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What You Need To Know About LLC Taxes In Kansas
When you open an LLC, the most difficult part of the process is making sure that you have all of your tax paperwork in order. Everything from setting up an LLC to most of the different functions an LLC performs comes with various different taxes. Thankfully if you know what to look for you can plan ahead and take part of your income and set it aside for any fees or taxes that come up the next year. Planning ahead makes sure that you don’t get surprised by taxes you didn’t know you owed and that you are able to continue legally trading.
Annual Report Fee
In Kansas, you must file an annual report about the state of your LLC ensuring that you are up to date on your taxes, that you are properly recording interactions, and that you have registered your name and purpose with the state. This is when you will update any information integral to the formation of your corporation, including changes in ownership, location, and stated purpose. Each year this report must be submitted by the middle of April but may be submitted as early as the first of January should you so wish.
The fees for filing this report are set at $50 online and $55 in person for the year 2021 and are subject to increase or change each subsequent year. Make sure to check with the government website before filing to ensure proper payment of this fee.
Should you select to have your company taxed as a standard corporation rather than having the tax burden placed upon you as an individual it will be taxed at the standard rate for the state of Kansas. As of 2021, this rate is a flat 4% of federally determined income as well as a 3% tax on income above $50,000. Should your company not reach the $50,000 threshold after standard deductions you will only pay the 4% rate and will not need to worry about pro-rating the rest of the income to ensure proper payment.
Employment taxes must be paid, but also must be withheld from pay properly to ensure that your employees don’t run into any issues when filing their taxes. This rate changes based upon your physically registered location, but must include both the federal and state-required amount as well as any amounts required by the state or county in which your LLC is registered. Information about these rates is available online on your local government website and will generally be available in most paycheck processing software so you don’t have to physically calculate the amounts for each pay period. Ensure that the amount calculated within the software is correct or you will have to adjust the amount at the end of the year.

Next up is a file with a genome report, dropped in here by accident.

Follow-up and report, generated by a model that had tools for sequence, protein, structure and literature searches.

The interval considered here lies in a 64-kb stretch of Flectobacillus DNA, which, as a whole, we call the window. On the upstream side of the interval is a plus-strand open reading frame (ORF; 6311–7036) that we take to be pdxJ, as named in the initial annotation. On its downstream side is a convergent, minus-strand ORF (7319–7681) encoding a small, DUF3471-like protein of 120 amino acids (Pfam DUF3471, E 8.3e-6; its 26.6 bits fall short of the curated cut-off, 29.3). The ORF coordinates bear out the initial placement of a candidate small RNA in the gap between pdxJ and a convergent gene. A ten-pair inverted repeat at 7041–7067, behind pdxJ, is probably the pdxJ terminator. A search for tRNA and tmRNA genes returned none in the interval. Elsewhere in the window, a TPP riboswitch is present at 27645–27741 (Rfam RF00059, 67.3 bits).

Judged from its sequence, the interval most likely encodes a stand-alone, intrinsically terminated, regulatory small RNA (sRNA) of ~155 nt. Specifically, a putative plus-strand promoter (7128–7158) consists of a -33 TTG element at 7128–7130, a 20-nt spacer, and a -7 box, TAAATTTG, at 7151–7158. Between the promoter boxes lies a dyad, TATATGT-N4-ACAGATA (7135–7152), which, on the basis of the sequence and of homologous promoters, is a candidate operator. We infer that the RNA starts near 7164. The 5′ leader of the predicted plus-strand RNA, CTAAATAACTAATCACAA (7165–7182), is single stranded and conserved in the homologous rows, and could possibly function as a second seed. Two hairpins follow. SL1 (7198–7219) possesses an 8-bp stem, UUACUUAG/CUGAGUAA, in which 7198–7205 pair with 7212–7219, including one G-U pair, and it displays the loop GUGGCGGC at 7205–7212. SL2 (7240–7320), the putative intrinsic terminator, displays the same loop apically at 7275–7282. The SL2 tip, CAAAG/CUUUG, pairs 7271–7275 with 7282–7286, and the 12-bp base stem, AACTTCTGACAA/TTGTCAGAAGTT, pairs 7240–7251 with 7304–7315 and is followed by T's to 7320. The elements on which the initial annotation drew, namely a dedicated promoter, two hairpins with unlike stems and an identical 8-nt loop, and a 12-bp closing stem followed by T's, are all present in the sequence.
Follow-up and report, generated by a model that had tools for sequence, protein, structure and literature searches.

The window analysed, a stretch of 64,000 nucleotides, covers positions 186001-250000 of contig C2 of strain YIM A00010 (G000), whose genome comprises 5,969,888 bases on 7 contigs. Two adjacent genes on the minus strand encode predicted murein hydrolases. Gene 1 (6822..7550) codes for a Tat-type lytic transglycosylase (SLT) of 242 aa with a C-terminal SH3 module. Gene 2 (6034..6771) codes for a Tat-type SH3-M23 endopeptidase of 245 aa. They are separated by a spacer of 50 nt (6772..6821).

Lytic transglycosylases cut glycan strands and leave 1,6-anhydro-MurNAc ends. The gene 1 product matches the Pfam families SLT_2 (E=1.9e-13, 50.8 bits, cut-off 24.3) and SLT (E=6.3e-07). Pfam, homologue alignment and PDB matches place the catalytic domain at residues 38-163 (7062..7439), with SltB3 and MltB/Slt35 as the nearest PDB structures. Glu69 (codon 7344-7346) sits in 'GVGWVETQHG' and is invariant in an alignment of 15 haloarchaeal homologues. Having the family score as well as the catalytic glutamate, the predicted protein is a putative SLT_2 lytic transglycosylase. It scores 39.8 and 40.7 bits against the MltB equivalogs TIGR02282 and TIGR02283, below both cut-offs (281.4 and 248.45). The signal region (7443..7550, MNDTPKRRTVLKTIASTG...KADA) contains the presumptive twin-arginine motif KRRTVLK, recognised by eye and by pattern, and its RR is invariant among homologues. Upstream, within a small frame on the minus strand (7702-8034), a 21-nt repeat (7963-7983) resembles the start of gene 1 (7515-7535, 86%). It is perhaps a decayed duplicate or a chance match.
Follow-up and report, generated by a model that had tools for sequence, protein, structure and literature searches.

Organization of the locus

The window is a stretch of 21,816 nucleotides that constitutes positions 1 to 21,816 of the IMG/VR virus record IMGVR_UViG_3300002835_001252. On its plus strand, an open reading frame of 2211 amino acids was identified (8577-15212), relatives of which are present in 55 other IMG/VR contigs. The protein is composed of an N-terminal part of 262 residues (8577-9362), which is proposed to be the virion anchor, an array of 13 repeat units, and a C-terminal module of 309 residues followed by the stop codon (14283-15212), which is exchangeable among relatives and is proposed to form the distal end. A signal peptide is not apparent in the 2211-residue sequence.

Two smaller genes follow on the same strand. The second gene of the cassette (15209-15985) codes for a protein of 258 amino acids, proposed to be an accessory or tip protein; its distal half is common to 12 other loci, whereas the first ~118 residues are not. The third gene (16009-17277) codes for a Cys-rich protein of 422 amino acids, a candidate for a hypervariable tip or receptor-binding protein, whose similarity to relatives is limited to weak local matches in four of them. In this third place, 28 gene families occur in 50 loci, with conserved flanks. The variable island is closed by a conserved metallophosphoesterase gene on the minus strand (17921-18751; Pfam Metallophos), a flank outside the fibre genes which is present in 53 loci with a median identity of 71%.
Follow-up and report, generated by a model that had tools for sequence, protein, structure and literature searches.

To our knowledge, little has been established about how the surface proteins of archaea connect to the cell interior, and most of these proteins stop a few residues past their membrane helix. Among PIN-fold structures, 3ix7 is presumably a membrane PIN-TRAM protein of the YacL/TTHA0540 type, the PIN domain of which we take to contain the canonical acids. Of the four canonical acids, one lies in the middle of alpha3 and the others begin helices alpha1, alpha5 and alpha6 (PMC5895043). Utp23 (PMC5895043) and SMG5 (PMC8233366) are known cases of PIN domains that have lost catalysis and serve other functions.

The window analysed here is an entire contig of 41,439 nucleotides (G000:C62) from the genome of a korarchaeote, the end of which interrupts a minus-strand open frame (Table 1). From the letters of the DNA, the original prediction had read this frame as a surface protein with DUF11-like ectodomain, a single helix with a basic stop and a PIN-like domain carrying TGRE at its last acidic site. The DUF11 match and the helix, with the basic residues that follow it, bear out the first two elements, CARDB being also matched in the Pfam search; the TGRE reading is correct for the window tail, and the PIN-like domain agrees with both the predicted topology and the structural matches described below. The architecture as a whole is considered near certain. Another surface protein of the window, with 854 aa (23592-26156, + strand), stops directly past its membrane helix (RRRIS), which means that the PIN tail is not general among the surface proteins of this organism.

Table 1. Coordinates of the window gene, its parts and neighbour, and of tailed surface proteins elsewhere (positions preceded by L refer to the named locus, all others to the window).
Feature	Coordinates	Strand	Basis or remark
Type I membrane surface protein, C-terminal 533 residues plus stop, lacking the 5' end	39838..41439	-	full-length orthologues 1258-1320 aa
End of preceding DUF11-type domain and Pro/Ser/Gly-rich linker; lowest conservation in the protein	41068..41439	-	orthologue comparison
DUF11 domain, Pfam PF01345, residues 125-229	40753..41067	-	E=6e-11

Once you have collected the tax amount from your employees you must pay it out to the federal, state, and local tax authorities as required within your locale. Additional requirements such as state-unemployment insurance and any other tax schemes that you are required to pay into will also need to be reconciled in the same way. Employees are not responsible for their own tax burden and any mistakes on paperwork will rest solely at the feet of the LLC in question.
Individuals within the LLC will be required to pay federal income tax on money that they acquire through the LLC. This means that the individual in charge of the corporation will be responsible for the bulk of the tax burden. Keeping company payment information separate from that of individuals ensures that tax is paid only on actual income and not on money invested in the business venture.
Registering Your LLC Elsewhere
The final taxes that you might be required to pay are those for registering your LLC somewhere else. Whether you are registering in another state where you have a local office or trying to take yourself internationally, the same tax rules will apply. Keep income for different locations separate if possible to make tax paperwork easier. Generally, if you only conduct business in other states but maintain your presence in a single state you must register in the other states but pay all other taxes in the state you maintain your business presence within. If you are worried or confused about possible tax implications you should consult with an accountant to ensure you are meeting all requirements.
For the most part, your LLC pays taxes like any other corporation or entity. The default rates for your state apply, making it easy to figure out what you owe. Most tax software and point of sale systems will be able to calculate your costs and keep track of the information that you need for the end of the year filing. Ensuring that you accurately record all money that comes in and out of your company will ensure that you are not charged extra at the end of the year. Utilizing the services of a certified accountant is generally advised as they are knowledgeable about possible tax breaks, grants, and other opportunities that you may qualify for.